At one point, Scarborough said he'd be willing to provide up to $200 billion in infrastructure spending. He also tried to make the point that he was not worried about short-term deficits, but rather long-term debt. His one area of concern seemed to be medicare and social security, but even on this point he didn't understand the issue correctly. He seemed to think the SS problem is at least a decade down the road, when the SS fund is already cash flow negative and will be seriously so within just a couple of years.
Scarborough maintained a Keynesian macro framework right into his closing remarks, which implied there is a role for government in "growing" the economy:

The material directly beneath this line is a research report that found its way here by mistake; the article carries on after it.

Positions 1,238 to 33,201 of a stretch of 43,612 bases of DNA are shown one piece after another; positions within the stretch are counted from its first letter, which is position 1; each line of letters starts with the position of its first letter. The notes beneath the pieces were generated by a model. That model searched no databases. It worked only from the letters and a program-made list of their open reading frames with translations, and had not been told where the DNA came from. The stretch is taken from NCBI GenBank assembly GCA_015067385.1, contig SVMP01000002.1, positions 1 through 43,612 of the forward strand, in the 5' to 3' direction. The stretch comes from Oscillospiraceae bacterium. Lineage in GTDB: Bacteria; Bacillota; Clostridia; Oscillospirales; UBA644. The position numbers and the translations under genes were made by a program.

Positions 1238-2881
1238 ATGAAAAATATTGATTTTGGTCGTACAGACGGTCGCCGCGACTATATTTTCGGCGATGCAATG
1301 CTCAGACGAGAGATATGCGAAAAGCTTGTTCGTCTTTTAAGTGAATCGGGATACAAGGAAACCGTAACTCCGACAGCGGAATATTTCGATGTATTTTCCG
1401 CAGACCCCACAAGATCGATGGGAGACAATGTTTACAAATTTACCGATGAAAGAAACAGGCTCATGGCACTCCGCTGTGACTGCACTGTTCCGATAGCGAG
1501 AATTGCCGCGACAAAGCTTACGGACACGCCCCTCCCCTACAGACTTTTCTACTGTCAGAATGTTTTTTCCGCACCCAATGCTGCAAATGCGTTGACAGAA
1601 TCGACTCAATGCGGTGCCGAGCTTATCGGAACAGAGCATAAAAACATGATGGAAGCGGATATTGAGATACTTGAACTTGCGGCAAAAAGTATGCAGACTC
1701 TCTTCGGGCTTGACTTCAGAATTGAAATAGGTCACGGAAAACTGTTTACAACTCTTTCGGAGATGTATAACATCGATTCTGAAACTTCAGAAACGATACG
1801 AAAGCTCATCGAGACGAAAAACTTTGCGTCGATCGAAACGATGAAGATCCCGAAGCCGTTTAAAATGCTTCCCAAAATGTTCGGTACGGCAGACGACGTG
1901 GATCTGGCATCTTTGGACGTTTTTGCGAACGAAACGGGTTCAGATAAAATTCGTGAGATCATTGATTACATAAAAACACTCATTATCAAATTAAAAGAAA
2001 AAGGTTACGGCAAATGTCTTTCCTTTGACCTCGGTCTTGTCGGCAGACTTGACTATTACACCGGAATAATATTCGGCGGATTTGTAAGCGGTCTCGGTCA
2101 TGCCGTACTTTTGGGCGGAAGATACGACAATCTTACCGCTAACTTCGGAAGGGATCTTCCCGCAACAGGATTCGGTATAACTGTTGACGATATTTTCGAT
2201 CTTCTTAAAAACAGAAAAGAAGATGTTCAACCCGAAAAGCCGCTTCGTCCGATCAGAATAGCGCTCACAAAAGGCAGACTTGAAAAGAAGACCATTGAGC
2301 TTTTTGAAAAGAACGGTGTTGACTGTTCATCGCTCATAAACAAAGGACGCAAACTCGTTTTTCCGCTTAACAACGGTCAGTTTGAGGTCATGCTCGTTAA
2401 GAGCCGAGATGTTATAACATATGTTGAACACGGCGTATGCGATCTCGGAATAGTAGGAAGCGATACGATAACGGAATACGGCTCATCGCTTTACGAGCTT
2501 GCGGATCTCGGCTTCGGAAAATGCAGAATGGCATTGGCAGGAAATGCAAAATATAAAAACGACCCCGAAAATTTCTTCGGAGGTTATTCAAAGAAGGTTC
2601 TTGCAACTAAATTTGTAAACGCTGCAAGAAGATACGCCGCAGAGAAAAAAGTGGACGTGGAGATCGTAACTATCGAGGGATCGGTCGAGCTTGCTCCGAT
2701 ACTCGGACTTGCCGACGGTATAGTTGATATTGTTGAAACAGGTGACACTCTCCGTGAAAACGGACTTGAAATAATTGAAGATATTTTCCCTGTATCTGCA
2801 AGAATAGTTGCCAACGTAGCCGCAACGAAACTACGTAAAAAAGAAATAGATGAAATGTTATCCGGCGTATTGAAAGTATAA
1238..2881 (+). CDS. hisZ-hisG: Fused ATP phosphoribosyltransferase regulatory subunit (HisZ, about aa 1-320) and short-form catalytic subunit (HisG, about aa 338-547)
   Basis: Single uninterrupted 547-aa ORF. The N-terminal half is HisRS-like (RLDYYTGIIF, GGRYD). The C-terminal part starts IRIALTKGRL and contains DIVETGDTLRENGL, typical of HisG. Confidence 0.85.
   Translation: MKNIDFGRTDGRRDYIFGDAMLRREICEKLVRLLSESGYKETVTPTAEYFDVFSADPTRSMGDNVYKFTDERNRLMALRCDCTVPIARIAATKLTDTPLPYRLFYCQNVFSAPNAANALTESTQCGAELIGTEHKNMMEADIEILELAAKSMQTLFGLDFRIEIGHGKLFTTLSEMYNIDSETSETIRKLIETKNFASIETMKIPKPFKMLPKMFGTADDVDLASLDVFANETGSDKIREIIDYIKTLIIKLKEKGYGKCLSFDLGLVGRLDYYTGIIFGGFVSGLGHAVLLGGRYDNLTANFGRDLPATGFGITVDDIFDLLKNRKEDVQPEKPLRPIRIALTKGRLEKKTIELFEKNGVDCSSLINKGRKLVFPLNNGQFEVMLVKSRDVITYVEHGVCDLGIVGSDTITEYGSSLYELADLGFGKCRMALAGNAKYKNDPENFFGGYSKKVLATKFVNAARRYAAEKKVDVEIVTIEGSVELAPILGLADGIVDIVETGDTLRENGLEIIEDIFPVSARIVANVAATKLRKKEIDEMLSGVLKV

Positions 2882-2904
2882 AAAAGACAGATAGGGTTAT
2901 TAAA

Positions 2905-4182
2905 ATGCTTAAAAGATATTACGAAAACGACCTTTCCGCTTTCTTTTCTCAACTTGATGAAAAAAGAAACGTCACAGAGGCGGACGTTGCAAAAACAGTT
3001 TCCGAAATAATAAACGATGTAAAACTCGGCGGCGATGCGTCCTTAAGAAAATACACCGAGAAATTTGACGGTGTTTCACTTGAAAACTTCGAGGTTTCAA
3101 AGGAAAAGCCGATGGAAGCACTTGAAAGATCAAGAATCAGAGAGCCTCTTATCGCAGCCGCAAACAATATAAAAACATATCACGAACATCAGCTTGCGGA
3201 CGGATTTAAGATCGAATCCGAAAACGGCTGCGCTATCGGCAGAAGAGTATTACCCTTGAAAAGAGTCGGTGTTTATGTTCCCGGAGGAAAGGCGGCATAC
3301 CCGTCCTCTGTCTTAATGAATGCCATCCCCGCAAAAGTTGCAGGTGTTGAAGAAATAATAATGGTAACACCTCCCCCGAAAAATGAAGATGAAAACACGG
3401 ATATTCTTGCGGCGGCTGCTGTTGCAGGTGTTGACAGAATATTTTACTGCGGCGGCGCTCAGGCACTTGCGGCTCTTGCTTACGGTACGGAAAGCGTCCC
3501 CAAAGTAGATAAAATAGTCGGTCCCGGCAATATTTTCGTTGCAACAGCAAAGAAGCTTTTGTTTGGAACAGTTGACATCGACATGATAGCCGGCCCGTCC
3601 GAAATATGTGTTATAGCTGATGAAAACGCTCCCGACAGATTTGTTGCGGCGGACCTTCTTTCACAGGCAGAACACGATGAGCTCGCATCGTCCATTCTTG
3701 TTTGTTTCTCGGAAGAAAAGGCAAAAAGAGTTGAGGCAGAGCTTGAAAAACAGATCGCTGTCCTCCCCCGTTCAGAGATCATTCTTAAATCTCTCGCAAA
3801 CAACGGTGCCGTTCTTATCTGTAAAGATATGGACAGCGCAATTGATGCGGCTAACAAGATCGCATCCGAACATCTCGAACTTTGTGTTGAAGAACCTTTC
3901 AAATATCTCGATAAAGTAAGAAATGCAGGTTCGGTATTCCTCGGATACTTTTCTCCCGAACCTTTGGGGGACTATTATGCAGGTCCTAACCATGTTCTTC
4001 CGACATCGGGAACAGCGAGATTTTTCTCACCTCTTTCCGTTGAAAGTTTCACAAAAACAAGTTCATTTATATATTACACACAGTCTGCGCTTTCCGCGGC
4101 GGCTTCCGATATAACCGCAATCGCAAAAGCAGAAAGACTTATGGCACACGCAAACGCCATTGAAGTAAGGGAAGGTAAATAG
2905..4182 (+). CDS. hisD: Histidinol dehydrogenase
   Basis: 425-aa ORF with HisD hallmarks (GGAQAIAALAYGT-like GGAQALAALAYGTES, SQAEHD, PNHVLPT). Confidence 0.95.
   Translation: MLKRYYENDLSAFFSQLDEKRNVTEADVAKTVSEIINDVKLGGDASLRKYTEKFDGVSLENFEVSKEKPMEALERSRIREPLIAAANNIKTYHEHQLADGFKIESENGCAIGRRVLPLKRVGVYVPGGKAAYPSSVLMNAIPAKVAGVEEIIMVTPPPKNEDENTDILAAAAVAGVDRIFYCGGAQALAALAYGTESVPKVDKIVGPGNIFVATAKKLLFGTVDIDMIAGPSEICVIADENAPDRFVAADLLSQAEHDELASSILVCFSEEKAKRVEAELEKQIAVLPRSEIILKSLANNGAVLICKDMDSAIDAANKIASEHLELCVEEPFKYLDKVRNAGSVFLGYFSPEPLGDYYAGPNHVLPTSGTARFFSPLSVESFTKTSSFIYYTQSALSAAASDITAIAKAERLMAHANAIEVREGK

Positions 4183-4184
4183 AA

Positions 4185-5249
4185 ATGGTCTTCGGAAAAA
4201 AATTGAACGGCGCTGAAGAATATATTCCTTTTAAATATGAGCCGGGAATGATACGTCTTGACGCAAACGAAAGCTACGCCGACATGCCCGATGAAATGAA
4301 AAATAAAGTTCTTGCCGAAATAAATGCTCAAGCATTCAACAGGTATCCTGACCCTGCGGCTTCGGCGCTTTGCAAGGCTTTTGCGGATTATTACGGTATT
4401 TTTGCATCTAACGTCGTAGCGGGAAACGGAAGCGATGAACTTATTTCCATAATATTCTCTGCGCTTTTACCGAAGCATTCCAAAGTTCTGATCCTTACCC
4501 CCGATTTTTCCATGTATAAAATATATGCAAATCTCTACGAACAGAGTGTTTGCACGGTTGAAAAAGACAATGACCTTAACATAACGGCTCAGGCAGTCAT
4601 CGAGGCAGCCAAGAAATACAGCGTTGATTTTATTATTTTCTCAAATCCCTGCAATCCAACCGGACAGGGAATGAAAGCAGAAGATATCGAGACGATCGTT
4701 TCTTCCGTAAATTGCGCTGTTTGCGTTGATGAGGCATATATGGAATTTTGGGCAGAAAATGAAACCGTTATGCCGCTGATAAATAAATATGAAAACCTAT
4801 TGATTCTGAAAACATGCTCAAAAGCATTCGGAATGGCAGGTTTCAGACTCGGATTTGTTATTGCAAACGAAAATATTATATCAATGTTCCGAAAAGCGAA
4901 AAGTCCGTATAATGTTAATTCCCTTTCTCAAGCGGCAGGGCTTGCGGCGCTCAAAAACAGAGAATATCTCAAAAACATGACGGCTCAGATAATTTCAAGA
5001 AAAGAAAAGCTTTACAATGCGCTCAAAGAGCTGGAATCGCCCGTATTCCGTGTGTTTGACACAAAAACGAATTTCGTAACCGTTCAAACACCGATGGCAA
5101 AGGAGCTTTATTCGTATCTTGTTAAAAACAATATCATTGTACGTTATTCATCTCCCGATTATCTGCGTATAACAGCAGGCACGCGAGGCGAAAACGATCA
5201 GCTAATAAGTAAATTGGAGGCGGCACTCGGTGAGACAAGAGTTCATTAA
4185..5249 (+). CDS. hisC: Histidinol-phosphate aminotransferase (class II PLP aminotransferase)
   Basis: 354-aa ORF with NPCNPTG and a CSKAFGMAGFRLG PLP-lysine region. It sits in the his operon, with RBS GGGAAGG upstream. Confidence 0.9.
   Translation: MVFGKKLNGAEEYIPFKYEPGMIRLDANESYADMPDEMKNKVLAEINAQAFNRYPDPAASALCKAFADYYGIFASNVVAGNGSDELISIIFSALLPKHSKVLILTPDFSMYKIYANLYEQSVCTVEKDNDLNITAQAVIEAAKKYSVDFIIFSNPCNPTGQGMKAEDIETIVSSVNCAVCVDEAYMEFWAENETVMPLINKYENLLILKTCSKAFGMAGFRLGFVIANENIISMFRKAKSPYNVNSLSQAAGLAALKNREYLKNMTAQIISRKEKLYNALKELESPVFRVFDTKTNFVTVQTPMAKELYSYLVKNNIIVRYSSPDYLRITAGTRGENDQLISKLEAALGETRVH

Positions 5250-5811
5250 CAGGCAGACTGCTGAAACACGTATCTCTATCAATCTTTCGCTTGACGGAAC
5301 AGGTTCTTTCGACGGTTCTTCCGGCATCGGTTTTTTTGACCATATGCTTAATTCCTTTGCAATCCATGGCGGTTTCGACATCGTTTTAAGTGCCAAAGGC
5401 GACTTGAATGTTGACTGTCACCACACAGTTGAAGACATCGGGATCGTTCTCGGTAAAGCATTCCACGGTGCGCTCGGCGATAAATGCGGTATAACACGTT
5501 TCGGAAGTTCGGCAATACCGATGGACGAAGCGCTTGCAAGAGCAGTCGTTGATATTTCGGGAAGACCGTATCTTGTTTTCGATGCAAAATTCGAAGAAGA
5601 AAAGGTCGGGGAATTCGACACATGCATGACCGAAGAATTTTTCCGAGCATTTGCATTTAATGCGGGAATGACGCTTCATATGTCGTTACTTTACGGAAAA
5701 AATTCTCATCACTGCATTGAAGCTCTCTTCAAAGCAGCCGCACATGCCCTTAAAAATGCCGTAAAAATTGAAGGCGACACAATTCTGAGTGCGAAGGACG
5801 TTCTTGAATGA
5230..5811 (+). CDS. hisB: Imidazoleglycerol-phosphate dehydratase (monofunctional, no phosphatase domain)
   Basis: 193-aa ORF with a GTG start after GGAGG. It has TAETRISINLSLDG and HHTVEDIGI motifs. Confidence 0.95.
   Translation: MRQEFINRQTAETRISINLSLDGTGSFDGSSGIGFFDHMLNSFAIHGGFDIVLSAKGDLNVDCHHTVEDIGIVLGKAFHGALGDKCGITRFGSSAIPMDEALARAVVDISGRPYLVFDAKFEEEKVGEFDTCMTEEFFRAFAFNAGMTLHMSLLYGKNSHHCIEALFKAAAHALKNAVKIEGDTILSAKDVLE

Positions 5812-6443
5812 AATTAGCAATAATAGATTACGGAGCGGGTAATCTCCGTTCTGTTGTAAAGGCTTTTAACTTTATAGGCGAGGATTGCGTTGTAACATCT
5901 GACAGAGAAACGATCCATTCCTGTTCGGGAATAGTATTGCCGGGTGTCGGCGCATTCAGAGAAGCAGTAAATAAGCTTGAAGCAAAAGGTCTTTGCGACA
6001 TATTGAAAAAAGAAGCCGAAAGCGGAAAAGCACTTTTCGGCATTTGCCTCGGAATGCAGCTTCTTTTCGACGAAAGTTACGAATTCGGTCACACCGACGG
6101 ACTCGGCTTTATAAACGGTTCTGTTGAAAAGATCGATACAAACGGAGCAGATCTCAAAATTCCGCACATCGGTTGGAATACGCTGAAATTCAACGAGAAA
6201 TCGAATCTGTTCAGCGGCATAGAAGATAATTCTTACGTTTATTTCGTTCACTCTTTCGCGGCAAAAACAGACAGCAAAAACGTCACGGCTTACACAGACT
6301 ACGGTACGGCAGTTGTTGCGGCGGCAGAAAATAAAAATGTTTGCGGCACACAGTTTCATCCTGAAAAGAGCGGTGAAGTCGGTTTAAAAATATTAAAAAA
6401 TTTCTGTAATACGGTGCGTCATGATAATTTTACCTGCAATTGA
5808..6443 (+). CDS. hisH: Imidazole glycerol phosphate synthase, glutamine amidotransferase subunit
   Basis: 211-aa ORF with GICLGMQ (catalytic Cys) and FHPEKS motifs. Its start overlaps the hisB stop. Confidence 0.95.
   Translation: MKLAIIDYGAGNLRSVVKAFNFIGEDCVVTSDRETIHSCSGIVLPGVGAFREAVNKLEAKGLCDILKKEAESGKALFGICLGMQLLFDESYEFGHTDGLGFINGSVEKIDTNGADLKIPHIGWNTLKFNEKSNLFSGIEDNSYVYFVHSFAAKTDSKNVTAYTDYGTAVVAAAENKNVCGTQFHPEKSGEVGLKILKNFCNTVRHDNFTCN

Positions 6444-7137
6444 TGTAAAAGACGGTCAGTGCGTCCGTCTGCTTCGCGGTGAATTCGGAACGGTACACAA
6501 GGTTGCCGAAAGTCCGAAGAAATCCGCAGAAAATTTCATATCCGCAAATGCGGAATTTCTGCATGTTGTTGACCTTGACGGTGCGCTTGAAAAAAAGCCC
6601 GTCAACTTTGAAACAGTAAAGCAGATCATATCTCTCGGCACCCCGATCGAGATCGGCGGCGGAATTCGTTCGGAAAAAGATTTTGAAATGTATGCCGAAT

We can grow the economy in the short run, we can also do what's responsible for our children and for our grandchildren, which is be concerned about the long-term debt. That seems pretty damn rational to me.There are many ways to prick holes in Krugman's argument, but Scarborough didn't come close.